Baby’s Cardiac Arrest/ Brain Damage Lawsuit Settles for $2 Million
2010 Medical Malpractice Trial Report
Radiologist misreading of obstetrical ultrasound leads to cardiac arrest and brain damage of newborn
At four days of life on May 2, 2003, the minor plaintiff suffered profound cardiogenic shock, renal failure, and a hypoxic ischemic brain injury due to his previously undiagnosed cardiac anomaly.
On October 10, 2002, the minor plaintiff’s mother was seen for her first prenatal assessment. The provider performing the assessment on October 18, 2002, noted that the patient’s historical risk status included a heart murmur since 1982.
An obstetrical ultrasound was performed on December 12, 2002 to verify dates and for a fetal anatomic survey. The ultrasound was interpreted by the defendant radiologist. The defendant reported that no fetal anomalies were seen and visualization of a 4-chamber heart was made.
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The plaintiffs’ radiology expert who specializes in ultrasonography was shown the ultrasound from December 12, 2002. The expert was prepared to testify that the four chambers of the heart could not be adequately visualized on this ultrasound, and thus the heart could not be properly evaluated. Based on this inconclusive finding in conjunction with the plaintiff’s personal health history of a congenital heart murmur, the standard of care required a follow-up obstetrical ultrasound to achieve adequate visualization of the heart’s four chambers in order to complete the fetal anatomical survey. This was never done and the plaintiff went on to deliver her baby boy on April 28, 2003. The minor plaintiff was healthy at birth with Apgars of 8 and 9 and no complications were noted. Unfortunately, because the physicians who delivered the baby were not aware of any issues with the child’s heart, he was discharged home with his mother after 2 days.
On May 2, 2003, the minor plaintiff returned to the Hospital with a more than 12-hour history of feeding poorly and hypothermia, and was in cardiogenic shock. His initial pH was 6.7 with a lactate level of 18, and he had evidence of renal failure and liver dysfunction requiring intensive medical support and stabilization. He was intubated, resuscitated, and quickly transferred to a tertiary care children’s hospital where an echocardiogram identified hypoplastic left heart syndrome (HLHS) with other complications and a brain MRI showed hypoxic ischemic changes.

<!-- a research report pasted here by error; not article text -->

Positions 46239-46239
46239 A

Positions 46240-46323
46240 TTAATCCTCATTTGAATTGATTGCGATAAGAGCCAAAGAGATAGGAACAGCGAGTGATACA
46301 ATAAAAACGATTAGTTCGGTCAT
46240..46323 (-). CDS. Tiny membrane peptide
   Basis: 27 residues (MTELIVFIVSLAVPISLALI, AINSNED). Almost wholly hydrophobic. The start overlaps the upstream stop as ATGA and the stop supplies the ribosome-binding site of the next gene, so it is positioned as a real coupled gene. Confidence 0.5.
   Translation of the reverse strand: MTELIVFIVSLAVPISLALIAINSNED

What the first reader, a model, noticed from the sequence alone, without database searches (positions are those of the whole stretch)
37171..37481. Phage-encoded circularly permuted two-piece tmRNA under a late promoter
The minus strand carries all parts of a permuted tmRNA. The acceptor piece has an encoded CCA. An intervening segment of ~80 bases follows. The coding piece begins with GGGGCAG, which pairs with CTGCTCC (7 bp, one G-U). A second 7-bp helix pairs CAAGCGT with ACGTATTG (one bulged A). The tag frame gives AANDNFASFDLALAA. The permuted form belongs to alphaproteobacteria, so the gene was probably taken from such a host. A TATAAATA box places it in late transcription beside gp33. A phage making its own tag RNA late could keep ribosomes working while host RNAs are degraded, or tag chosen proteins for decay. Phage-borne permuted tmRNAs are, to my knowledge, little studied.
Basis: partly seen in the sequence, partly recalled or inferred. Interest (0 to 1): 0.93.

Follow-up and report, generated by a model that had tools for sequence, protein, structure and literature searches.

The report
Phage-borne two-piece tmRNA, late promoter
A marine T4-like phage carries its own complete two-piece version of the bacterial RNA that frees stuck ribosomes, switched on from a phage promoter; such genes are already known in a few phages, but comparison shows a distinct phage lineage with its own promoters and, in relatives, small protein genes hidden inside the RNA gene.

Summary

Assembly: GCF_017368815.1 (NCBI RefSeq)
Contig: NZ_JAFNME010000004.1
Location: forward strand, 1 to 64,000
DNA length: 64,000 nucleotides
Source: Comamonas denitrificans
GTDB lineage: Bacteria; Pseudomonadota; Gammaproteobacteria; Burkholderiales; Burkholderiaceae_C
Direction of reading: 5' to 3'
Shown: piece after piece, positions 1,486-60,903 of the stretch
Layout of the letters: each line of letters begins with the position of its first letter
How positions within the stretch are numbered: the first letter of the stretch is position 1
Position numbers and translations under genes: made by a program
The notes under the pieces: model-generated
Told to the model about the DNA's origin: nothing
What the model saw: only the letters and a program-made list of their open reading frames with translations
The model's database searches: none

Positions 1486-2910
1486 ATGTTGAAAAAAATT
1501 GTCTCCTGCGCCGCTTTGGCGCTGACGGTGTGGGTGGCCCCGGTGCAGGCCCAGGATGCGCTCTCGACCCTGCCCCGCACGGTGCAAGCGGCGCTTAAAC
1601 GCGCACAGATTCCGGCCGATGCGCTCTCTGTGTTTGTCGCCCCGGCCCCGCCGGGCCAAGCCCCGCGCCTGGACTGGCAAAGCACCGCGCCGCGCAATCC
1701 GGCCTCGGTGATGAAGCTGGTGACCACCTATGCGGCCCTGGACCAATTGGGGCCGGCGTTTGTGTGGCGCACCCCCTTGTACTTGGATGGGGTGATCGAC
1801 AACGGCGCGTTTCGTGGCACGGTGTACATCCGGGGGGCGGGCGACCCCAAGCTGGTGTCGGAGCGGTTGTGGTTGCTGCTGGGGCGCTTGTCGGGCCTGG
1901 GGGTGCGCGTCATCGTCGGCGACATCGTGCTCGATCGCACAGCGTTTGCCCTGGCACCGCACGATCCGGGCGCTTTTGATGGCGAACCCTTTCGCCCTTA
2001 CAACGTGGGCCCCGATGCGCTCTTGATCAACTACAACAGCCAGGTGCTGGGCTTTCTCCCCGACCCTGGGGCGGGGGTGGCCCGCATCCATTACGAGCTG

After stabilization of his presenting cardiogenic shock, renal failure and liver dysfunction, the minor plaintiff underwent stage I or a 3 part procedure to repair his heart. The surgery was successful however the minor plaintiff began to display evidence of right-sided weakness related to his hypoxic ischemic brain injury. Over the course of the next year, the minor plaintiff underwent the final 2 Stages to repair his cardiac defect. Both cardiac procedures were successful; however, his physical and cognitive deficits from the brain injury are permanent. At the present time, the minor plaintiff continues to require medication to control seizures related to his brain injury. He suffers from right sided weakness and does not use his right hand. He is now 7 years old but does not write due to his physical limitation with the right hand. In addition, he drags his right leg with affects his ability to walk. He requires the assistance of a 1:1 aide in school and receives therapies through school system.
Trial was scheduled for July 2010. The plaintiffs’ experts were prepared to testify that had the defendant properly read the obstetrical ultrasound, the minor plaintiff’s cardiac condition would have been diagnosed and his mother would have been referred to a cardiologist before delivery. Had this occurred, the minor plaintiff never would have been discharged from the hospital after birth and the necessary medications and surgeries would have been initiated before he suffered cardiogenic shock and a brain injury.
The defendant maintained throughout discovery that he was able to visualized the 4 chambers of the heart, and that the defect was not diagnosable. The case settled for Two Million Dollars in the week before trial.
Lubin & Meyer attorneys represented the plaintiff in this medical malpractice lawsuit.
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